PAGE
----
This series consists of talks in the areas of Cosmology, Gravitation and Particle Physics.
The entropy outside of an event horizon can never decrease if one includes a term proportional to the horizon area. For a long time, this astonishing result had only been shown for quantum fields that are in an approximately steady state. I will describe a new proof of the generalized second law for arbitrary slices of semiclassical, rapidly-changing horizons. I will start with the simplest case, Rindler horizons, and then describe how the proof can be adapted to other cases (black holes, de Sitter, etc.) by restricting the field algebra to the horizon.
If dark matter consists of a multiplet with small mass splittings, it is possible to simultaneously account for DAMA/CoGeNT hints of direct detection and the INTEGRAL 511 keV gamma ray excess from the galactic center; such dark matter must be in the 4-12 GeV mass range. I present scenarios where the DM transforms under a hidden SU(2) that can account for these observations. These models can be tested in low-energy beam dump experiments, like APEX. To explain PAMELA/Fermi excess electrons from dark matter annihilations, heavier TeV scale DM is required.
The quantum spin Hall effect relates seemingly unrelated degrees of freedom, i.e., charge and spin degrees of freedom. We will discuss such "duality" can be extended to much wider class of quantum numbers, and the corresponding order parameters. In particular, two valleys in graphene can be viewed as an SU(2) pseudo spin degree of freedom, which turns out to be "dual" to the charge degree of freedom, pretty much in the same way as spin in the quantum spin Hall effect is closely tied with charge. I.e., graphene can host "the quantum valley Hall effect" (QVHE).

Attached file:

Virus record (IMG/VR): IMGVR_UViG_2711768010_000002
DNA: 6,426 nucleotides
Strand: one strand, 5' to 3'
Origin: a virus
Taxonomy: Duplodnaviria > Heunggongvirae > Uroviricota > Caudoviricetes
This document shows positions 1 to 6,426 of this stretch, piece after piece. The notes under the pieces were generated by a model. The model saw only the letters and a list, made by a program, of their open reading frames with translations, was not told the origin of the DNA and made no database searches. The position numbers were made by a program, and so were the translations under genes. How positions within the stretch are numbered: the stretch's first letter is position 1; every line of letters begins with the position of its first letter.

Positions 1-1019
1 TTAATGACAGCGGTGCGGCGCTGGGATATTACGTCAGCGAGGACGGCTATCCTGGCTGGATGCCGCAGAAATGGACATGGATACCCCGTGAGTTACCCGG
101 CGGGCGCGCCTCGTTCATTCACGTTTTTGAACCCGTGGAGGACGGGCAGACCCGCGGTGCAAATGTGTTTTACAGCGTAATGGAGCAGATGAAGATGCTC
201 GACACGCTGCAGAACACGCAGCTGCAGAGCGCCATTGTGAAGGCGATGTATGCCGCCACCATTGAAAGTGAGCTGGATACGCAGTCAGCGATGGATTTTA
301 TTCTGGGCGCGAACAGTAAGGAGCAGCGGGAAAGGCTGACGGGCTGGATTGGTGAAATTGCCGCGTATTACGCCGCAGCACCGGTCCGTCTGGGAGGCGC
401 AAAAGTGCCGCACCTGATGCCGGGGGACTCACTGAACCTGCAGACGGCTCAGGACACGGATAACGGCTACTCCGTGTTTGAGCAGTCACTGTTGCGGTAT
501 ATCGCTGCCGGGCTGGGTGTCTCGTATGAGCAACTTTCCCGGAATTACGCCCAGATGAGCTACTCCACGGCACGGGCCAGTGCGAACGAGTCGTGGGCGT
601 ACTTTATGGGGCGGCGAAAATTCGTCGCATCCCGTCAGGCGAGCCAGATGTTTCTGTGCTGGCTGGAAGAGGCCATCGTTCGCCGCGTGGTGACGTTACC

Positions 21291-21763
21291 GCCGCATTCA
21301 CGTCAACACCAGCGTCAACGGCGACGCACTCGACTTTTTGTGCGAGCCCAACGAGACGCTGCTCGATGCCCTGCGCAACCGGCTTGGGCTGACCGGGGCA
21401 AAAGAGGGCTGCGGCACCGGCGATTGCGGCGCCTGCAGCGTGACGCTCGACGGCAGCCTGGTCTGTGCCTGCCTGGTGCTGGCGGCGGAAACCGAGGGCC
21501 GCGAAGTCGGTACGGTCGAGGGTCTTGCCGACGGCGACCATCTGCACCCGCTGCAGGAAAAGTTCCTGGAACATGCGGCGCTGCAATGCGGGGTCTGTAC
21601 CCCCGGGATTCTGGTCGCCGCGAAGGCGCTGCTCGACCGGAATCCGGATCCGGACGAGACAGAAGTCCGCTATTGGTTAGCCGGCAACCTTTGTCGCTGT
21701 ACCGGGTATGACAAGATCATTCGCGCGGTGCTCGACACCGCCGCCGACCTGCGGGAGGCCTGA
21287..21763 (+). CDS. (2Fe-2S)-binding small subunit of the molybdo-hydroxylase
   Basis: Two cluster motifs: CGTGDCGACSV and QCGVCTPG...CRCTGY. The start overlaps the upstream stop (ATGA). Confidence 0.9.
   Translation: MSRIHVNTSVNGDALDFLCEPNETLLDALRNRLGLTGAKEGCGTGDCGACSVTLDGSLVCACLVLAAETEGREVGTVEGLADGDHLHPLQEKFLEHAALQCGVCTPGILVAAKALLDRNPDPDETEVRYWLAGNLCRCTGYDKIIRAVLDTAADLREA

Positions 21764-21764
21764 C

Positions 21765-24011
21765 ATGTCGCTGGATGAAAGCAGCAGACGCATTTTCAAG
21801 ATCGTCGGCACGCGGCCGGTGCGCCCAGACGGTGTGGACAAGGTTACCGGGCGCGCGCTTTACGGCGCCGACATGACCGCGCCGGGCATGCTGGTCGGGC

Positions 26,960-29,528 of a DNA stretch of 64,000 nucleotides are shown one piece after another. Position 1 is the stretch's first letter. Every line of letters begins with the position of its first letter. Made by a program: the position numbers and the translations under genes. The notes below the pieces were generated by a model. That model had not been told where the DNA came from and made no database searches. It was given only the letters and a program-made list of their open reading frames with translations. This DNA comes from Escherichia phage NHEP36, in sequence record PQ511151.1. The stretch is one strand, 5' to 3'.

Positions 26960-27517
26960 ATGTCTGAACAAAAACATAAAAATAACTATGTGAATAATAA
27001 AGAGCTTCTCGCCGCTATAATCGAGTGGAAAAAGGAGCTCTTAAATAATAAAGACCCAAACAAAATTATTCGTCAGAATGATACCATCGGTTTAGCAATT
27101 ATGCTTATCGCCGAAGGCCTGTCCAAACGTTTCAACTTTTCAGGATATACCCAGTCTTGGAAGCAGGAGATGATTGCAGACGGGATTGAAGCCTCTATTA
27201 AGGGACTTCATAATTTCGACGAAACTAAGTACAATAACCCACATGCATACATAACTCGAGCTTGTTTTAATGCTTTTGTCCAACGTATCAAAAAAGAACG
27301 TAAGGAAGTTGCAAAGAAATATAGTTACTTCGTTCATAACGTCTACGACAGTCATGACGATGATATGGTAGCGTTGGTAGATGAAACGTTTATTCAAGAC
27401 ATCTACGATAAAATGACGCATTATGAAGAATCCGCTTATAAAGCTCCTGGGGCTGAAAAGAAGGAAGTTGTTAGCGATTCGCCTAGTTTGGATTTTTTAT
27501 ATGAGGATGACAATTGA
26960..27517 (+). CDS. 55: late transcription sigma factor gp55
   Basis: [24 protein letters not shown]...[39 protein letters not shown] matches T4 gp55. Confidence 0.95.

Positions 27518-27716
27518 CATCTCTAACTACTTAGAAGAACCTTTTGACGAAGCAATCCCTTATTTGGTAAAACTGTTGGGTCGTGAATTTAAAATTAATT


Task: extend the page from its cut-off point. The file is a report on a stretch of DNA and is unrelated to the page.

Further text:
Using a formulation of the post-Newtonian expansion in terms of Feynman graphs, we discuss how various tests of General Relativity (GR) can be translated into measurement of the three- and four-graviton vertices. The timing of the Hulse-Taylor binary pulsar provides a bound on the deviation of the three-graviton vertex from the GR prediction at the 0.1% level.
Constraints on the formation of primordial black holes - especially the ones which are small enough to evaporate - provide a unique probe of the early universe, high energy physics and extra dimensions. For evaporating black holes, the dominant constraints are associated with big bang nucleosynthesis and the extragalactic photon background, but there are also other limits associated with the cosmic microwave background, cosmic rays and various types of relic particles. For larger non-evaporating black holes, important constraints come from their gravitational and astrophysical effects.
I consider some of the issues we face in trying to understand dark energy. Huge fluctuations in the unknown dark energy equation of state can be hidden in distance data, so I argue that model-independent tests which signal if the cosmological constant is wrong are valuable. These can be constructed to remove degeneracies with the cosmological parameters. Gravitational effects can play an important role. Even small inhomogeneity clouds our ability to say something definite about dark energy.
Although inflation is, by far, the best known mechanism to explain the observed properties of our Universe, there is still some room for alternative models, most of which implying a contracting phase preceding the current expanding one. Both phases are connected by a bounce at which the expansion rate must vanish. General relativity can only produce such a phase provided the spatial curvature is positive, in contradiction with the current observations.
Dark matter, constituting a fifth of the mass-energy in the Universe today, is one of the major "known unknowns" in physics. A number of different experimental and observational techniques exist to try to identify dark matter. However, these techniques are not only sensitive to the "physics" of dark matter (mass, cross sections, and the theory in which the dark matter particles live) but to the "astrophysics" of dark matter as well, namely the phase-space density of dark matter throughout the Milky Way and other galaxies and its evolution through cosmic time.